Young African-Caribbean people who have been excluded from school get vital support in continuing their education from voluntary projects, according to research published today. It finds, though, that their dependence on poorly-funded local groups highlights a continuing lack of help from statutory education services.The study by researchers at Nottingham Trent University and the University of Nottingham is based on in-depth interviews with 33 young people in London and Nottingham aged from 15 to 19. For many of them, it says, the experience had acted as a ‘critical moment’, making them re-assess their lives and giving them new determination to get qualifications for work. All but three of those in the study were in education or employment when they were interviewed.
The young people expressed a strong sense of injustice about their exclusions and believed black pupils were punished more severely for behaviour problems than were their white contemporaries. Most of those interviewed said they had found themselves in ‘educational limbo’ without any immediate alternative to school. Some blamed being left with nothing to do for drifting into crime.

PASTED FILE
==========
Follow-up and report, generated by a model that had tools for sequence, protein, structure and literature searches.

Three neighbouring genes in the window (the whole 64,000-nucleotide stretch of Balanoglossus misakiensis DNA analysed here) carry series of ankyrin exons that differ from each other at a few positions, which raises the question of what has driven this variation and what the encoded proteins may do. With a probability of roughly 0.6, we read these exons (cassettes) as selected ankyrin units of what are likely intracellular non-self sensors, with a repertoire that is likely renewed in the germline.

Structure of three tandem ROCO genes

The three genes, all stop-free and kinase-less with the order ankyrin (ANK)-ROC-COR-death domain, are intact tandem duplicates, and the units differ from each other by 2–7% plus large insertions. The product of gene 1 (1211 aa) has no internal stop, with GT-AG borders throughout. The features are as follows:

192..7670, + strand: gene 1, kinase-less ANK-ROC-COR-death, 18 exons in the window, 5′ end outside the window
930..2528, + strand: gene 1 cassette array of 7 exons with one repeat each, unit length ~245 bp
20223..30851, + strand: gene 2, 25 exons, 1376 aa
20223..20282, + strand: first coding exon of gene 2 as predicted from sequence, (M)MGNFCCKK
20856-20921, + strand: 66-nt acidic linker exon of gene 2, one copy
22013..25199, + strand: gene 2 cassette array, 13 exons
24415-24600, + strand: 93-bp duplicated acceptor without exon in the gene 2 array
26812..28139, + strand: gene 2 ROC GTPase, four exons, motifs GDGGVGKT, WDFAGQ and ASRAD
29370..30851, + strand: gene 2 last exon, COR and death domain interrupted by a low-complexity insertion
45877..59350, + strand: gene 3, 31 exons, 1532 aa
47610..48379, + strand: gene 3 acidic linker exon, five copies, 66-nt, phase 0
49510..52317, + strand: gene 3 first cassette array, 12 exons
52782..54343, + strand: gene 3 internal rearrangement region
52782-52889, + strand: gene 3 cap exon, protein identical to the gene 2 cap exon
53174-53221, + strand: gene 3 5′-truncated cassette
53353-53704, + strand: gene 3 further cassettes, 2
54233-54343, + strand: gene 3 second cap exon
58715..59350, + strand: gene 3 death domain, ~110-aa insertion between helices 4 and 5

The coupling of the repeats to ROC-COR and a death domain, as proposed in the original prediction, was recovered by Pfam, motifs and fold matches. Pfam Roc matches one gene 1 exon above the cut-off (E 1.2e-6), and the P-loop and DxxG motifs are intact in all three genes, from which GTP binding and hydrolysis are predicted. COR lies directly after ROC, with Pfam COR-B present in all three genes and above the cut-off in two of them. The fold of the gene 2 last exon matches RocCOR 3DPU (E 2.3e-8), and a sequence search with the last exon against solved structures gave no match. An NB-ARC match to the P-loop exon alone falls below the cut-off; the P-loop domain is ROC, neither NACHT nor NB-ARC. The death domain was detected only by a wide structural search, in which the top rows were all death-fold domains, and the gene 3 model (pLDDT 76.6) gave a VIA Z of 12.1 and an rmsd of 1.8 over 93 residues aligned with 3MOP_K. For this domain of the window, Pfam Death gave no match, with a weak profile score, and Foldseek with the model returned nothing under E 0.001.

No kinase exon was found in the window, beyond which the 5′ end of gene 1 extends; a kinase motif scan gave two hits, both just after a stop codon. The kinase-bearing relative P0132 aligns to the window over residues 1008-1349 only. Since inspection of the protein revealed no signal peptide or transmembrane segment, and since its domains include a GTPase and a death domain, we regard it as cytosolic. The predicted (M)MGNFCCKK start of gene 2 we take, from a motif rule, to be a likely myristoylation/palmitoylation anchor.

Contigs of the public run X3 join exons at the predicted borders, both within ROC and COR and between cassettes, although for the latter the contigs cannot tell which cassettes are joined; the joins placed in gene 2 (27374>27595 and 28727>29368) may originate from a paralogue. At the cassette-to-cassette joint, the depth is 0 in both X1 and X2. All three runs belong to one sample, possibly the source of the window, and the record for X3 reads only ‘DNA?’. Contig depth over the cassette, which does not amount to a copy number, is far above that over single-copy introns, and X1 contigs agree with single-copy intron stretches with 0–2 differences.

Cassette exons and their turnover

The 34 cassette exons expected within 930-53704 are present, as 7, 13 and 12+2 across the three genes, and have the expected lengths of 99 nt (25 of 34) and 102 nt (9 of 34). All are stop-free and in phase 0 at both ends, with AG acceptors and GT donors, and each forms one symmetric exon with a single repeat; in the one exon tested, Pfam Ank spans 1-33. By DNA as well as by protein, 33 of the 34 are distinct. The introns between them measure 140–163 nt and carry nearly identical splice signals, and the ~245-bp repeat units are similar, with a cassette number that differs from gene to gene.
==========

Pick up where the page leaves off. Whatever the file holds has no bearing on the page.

Parents and carers were also interviewed for the study, which is published by the Joseph Rowntree Foundation. It reveals the stress that exclusion put on families. The majority of parents continued to provide emotional support but in some cases the strain had led to a breakdown in family relationships.
The researchers found that in addition to help from their relatives and friends the young people found support from their communities, sympathetic teachers, social workers, agency workers, mentors, religious groups and alternative education projects. They say that although community-based voluntary groups were not established to provide a support service for excluded pupils they are playing an important role in advising the pupils and their families.
These local organisations, which included education, crime prevention and youth work projects, felt they were filling a vacuum created by the lack of statutory provision. All the groups spoken to in the research emphasised the role of the community in enabling excluded young people to find their way back into education and helping them deal with the racism that they felt existed.